Relative Significance of Nationality and Personality (By Jae-Whoan Lee and Ichiro Ohba)

The final discussion concerns the relative significance of nationality and personality on information behavior. As discussed in previous sections, the results of chi-square tests showed that 12 out of 15 indicators representing information behavior had statistically meaningful relations with nationality at p □0.05. Also turned out was 4 out of 15 indicators representing information behavior had statistically significant relations with affectiveness at p □0.05, and 7 out of 15 indicators had statistically significant relations with dependency at p □0.05. Thus the results of chi-square test showed that nationality had more significant relations with information behavior than personality.

In this chapter, we re-examined their relative significance by using two-way ANOVA test. For the ANOVA test, the independent variables consisted of three: nationality, affectiveness, and dependency. And the dependent variable information behavior was represented by 21 indicators, mainly due to that the early mentioned three situations (i.e., everyday life, decision making, problem solving) were treated separately. The ANOVA test was carried out to assess only the relative significance of nationality, affectiveness, and dependency on information behavior. Therefore we referred to the F and P-values of three main effects and disregarded the values of interaction effects.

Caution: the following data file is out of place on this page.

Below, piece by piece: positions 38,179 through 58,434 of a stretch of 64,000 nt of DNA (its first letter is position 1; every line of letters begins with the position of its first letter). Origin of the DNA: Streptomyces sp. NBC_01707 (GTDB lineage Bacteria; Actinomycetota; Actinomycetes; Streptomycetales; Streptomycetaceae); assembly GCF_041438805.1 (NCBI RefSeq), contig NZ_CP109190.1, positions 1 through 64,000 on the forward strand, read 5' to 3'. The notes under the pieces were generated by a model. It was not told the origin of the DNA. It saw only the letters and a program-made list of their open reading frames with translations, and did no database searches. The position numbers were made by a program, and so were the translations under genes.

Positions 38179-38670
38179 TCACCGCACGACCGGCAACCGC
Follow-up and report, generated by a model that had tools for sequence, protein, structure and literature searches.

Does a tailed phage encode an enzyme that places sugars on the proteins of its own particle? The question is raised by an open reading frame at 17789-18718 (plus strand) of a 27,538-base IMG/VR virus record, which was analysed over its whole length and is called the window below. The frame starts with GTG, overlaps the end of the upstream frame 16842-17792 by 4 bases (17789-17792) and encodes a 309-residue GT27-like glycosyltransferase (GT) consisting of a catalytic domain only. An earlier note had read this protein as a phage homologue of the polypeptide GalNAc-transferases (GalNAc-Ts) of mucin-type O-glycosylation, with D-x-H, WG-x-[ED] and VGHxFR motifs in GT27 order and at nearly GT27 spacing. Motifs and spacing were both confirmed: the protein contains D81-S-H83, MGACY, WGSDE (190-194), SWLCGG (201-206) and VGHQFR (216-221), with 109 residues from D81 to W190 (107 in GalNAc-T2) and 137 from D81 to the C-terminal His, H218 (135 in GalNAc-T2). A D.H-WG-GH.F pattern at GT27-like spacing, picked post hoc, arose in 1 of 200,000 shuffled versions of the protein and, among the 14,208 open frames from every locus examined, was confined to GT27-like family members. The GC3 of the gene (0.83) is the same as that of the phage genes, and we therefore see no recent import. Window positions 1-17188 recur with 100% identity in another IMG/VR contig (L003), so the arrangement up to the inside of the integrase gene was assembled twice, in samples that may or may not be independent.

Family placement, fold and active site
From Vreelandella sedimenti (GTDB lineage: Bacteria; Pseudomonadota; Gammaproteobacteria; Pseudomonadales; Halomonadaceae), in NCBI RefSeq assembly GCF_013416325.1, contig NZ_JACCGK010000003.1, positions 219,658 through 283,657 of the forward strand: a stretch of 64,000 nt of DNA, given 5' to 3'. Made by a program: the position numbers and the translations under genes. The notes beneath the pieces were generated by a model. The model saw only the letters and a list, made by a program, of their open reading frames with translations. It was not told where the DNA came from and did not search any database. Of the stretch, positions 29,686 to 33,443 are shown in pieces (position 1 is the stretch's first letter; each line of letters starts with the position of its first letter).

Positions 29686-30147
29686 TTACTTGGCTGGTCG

The results of ANOVA test showed that the F and P-values of (at least one) main effects were significant in 13 out of 21 results. Among them, it was 6 times when nationality proved itself to be the most significant main effect among three variables, and it was 6 times when dependency proved itself to be the most significant main effect. Finally, it was only 1 time when affectiveness proved itself to be the most significant main effect. When we considered all the 21 ANOVA results, nationality won 8 times, dependency won 7 times, and affectiveness won 6 times. Thus, the results of the two-way ANOVA test also showed that nationality was more significant than personality in relation with information behavior, and that between the two personal traits, dependency was more significant than affectiveness (Table 5-0).